41. 32.
    On the development of capitalism in Europe, see Maurice Dobb, Studies in the Development of Capitalism ( New York: International, 1963 );Google Scholar
  42. E. L. Jones, The European Miracle ( Cambridge: Cambridge University Press, 1981 );Google Scholar
  43. and Douglass C. North and Robert Paul Thomas, The Rise of the Western World: A New Economic History ( Cambridge: Cambridge University Press, 1973 ).CrossRefGoogle Scholar
  44. 34.
    See Carl G. Rosberg and Thomas M. Callaghy (eds), Socialism in Sub-Saharan Africa: A New Assessment ( Berkeley: Institute of International Studies, 1979 ).Google Scholar
  45. 35.
    Eli R. Heckscher, ‘Mercantilism’ in Encyclopedia of the Social Sciences ( New York: Macmillan, 1937 ) IX, p. 339.Google Scholar
  46. 42.
    Cooper, ‘Africa and the World Economy’, p. 51; also see John Iliffe, The Emergence of African Capitalism ( London: Macmillan, 1983 ).Google Scholar
  47. 46.
    On the ‘exit option’, see Goran Hyden, Beyond Ujamaa (Berkeley: University of California Press, 1980)Google Scholar
  48. and Goran Hyden, No Short Cuts to Progress ( Berkeley: University of California Press, 1983 ).Google Scholar
  49. 47.
    G. K. Helleiner, ‘The IMF and Africa in 1980s’, Canadian Journal of African Studies 17, 1 (1983): 28–9.CrossRefGoogle Scholar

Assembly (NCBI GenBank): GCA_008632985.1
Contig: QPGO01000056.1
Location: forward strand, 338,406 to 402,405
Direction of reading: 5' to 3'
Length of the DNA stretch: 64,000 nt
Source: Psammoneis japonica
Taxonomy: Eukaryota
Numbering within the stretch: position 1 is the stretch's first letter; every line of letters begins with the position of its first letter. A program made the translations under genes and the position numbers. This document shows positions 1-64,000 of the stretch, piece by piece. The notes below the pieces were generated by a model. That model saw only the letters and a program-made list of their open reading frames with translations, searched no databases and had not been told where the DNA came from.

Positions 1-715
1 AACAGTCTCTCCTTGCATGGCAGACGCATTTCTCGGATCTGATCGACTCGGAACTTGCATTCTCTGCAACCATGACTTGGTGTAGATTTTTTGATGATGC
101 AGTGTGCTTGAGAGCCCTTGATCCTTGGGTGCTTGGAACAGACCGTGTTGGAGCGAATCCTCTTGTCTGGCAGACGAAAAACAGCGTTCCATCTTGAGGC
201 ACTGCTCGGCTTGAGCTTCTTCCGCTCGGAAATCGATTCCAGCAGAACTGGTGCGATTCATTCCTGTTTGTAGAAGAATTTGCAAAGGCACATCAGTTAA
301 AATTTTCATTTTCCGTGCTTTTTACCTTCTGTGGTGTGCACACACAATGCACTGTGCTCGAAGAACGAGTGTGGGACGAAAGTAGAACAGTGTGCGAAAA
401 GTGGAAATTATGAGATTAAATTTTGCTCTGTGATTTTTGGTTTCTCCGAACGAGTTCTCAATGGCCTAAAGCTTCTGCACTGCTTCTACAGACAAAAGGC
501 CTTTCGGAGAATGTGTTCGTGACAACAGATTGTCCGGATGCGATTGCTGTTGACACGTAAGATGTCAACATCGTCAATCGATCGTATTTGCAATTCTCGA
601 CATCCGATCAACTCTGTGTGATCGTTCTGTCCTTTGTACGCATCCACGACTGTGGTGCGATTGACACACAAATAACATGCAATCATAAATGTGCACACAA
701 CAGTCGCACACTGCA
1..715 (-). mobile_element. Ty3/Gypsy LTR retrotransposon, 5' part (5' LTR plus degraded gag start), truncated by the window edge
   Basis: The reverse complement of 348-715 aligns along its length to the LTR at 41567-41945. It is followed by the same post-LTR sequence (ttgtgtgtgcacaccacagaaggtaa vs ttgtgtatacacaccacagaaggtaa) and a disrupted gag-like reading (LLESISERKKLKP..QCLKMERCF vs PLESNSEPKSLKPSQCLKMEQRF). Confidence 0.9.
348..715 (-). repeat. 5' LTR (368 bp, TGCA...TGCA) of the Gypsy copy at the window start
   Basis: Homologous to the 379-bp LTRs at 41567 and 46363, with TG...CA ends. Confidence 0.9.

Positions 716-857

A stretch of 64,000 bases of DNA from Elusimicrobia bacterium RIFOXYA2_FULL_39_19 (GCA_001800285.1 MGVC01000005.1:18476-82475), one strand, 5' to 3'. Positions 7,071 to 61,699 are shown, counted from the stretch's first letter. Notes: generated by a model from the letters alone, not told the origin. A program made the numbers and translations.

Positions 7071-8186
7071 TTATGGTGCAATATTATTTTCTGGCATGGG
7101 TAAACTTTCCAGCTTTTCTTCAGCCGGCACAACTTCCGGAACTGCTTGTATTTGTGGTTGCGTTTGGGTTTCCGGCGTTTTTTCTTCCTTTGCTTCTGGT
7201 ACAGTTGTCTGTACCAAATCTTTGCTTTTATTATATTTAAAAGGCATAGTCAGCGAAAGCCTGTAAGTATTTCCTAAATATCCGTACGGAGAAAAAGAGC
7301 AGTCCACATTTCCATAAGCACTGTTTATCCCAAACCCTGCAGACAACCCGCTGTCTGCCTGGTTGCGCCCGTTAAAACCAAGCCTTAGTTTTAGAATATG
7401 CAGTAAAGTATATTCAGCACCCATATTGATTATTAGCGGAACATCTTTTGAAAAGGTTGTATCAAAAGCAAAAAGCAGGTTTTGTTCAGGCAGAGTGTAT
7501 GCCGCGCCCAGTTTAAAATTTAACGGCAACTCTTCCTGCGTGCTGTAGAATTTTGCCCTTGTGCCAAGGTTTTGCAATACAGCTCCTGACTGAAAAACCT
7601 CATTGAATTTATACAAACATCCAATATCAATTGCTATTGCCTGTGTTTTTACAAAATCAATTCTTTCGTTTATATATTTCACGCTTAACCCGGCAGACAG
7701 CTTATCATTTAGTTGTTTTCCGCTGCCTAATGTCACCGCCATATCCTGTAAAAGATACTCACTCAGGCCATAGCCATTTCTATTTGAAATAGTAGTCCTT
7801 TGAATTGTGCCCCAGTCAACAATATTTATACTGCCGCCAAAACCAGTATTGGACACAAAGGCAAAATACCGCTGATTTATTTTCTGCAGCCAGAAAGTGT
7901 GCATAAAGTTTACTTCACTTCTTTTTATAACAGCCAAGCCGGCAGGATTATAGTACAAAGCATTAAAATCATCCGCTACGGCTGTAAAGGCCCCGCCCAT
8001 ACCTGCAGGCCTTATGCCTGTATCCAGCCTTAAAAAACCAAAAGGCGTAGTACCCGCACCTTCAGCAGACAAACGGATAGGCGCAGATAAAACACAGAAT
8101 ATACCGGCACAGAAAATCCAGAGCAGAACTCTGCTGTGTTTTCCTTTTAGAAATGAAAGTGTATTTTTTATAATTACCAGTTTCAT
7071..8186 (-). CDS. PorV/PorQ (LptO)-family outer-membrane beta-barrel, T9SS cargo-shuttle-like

50. 49.
    Aristide R. Zolberg, ‘A View from the Congo’, World Politics 19, 1 (October 1966): 137–49.CrossRefGoogle Scholar
  51. 51.
    Crawford Young, ‘Patterns of Social Conflict: State, Class, and Ethnicity’, Daedalus III, 2 (Spring 1982): 94.Google Scholar
  52. 52.
    Richard A. Joseph, ‘Class, State, and Prebendal Politics in Nigeria’, Journal of Commonwealth and Comparative Politics 21, 3 (November 1983): 20–24, 30;CrossRefGoogle Scholar
  53. also see the fine piece by Larry Diamond, ‘The Political Economy of Corruption in Nigeria’, paper presented to the 27th annual meeting of the African Studies Association (Los Angeles, California, 25–8 October 1984 ).Google Scholar
  54. 56.
    Joseph, ‘Class, State and Prebendal Politics’: 30, 32, 34. A similar argument can be made for Ghana; see Rothchild and Gyimah-Boadi, ‘Ghana’s Demodernization’, and Naomi Chazan, An Anatomy of Ghanaian Politics: Managing Political Recession, 1969–1982 ( Boulder, Co.: Westview Press, 1983 ).Google Scholar

Copyright information

© Zaki Ergas 1987

Authors and Affiliations

  • Thomas M. Callaghy

There are no affiliations available

Personalised recommendations